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Nigerian Student, Imelme Umana, Becomes The First Black Female President of Harvard Law Review

Nigerian Harvard Law student, Imelme Umana, has been elected as the first black woman president of the Harvard Law Review.

The announcement was made on Sunday via the Twitter account of Harvard Law School’s black law students’ association.

She has emulated the former US President Barack Obama who became the first black man elected as Harvard Law Review’s president in 1990.

Umana, who graduated from Harvard College in 2014, is a doctorate candidate at Harvard law school.

She has served as chair of the community action committee and is also a board member of the Harvard model congress Boston.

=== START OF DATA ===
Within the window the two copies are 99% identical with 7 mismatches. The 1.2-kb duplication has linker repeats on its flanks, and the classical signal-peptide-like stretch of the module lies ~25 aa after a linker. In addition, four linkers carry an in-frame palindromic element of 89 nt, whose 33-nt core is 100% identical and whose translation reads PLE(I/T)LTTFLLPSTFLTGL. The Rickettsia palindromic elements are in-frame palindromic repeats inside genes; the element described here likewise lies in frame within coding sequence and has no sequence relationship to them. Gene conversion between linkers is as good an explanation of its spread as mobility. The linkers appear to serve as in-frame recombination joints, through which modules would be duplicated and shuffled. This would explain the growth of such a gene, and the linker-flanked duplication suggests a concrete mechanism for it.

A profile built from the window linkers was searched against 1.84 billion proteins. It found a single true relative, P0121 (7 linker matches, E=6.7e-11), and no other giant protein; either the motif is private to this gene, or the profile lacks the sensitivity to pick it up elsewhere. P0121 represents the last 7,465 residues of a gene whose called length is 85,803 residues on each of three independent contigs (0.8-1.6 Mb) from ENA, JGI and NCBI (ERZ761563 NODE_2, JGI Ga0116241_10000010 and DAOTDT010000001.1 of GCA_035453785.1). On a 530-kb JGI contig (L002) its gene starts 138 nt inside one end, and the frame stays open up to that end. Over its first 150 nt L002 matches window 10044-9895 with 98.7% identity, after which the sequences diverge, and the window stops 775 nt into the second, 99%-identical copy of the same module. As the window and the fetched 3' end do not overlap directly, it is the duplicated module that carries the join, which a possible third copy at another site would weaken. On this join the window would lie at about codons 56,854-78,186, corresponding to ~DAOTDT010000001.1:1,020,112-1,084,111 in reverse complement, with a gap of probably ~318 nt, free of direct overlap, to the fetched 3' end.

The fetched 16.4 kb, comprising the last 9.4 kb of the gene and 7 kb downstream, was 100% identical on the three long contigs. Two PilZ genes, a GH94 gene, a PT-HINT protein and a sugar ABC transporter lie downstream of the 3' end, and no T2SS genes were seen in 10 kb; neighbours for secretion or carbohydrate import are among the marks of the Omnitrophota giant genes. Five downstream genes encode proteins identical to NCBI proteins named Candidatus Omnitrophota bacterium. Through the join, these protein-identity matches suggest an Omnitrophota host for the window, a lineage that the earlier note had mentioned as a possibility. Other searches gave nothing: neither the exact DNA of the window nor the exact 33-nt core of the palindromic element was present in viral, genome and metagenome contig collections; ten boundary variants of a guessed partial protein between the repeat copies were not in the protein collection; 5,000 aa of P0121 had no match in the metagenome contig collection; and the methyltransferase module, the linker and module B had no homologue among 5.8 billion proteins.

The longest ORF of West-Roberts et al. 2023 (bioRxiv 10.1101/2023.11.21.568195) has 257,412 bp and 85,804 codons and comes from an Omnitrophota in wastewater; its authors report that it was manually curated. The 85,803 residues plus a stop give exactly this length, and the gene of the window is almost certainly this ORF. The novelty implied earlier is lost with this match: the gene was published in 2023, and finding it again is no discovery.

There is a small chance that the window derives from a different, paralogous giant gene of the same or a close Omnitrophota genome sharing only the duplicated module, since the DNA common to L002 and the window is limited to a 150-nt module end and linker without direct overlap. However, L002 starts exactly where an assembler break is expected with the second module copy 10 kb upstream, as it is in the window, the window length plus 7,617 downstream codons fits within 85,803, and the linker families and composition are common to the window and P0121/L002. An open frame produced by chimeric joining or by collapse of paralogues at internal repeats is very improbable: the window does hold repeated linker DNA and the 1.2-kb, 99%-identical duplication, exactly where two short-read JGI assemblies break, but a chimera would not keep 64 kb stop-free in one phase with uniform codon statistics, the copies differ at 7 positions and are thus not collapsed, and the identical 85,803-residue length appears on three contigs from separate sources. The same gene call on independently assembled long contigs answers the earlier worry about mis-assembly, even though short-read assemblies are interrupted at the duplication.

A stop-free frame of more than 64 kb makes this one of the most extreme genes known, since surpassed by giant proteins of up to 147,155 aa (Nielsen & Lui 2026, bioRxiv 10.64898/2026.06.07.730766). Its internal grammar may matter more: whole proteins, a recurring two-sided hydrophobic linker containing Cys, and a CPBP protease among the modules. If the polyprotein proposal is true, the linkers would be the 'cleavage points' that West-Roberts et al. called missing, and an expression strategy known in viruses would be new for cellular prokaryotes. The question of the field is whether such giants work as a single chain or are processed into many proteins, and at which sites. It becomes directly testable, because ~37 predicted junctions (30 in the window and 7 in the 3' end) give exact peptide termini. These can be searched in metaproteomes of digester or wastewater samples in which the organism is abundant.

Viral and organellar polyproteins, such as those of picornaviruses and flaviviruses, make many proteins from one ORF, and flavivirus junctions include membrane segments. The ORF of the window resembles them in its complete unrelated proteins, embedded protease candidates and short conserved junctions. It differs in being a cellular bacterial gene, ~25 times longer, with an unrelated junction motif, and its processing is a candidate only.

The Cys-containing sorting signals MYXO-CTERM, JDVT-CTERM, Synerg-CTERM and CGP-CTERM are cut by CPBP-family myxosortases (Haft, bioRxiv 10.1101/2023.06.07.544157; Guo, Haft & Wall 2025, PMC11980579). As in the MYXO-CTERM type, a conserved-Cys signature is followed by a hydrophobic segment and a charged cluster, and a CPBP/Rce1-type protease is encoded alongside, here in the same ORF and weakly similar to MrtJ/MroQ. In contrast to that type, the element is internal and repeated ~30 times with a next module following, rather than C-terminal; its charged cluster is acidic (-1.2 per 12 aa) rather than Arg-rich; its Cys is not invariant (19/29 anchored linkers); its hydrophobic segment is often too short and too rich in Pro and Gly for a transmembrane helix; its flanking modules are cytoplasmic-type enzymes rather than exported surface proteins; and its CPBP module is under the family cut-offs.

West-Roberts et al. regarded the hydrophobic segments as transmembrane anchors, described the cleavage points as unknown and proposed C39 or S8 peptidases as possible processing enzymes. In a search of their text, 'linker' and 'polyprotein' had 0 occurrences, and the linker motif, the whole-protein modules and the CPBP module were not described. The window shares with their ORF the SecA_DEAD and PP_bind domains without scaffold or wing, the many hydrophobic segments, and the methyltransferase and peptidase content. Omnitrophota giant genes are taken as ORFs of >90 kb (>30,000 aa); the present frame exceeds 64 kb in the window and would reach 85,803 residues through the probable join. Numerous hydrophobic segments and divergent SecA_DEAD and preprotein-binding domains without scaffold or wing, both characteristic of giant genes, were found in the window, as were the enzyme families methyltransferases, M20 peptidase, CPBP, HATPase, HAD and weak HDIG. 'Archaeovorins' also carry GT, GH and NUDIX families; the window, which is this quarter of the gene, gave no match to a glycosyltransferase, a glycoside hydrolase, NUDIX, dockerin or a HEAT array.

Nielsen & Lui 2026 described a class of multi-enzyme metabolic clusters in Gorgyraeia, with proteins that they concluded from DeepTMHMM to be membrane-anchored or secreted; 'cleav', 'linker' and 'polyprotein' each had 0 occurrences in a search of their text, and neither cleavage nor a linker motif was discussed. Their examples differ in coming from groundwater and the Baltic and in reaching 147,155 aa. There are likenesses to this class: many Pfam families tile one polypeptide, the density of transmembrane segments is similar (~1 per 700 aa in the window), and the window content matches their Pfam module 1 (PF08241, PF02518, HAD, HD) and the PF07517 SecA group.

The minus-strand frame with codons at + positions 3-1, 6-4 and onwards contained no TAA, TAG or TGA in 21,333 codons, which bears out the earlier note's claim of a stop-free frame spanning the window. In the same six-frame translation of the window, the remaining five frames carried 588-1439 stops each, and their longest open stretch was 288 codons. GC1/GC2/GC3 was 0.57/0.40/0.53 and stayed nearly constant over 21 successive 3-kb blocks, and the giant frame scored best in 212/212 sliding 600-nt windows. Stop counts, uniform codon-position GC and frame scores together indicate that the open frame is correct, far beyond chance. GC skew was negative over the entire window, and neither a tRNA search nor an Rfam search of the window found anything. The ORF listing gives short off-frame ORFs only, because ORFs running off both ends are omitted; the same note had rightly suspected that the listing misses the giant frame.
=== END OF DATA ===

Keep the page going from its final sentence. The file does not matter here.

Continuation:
Umana is a research assistant at the school’s hip-hop archive at the Du Bois Institute for African and African American Research.

Umana is a Ph. D candidate who is “interested in the intersection between government and African American studies by exploring how stereotypes of black women are reproduced and reinforced in American political discourse,” Clutch reports.

In 2013, Umana worked as a criminal law investigative intern for the public defender’s office in Washington, D.C, US.

The Harvard Law Review president is elected by the editorial board of the independent, student-run publication, which was founded in 1887.


Written by PH

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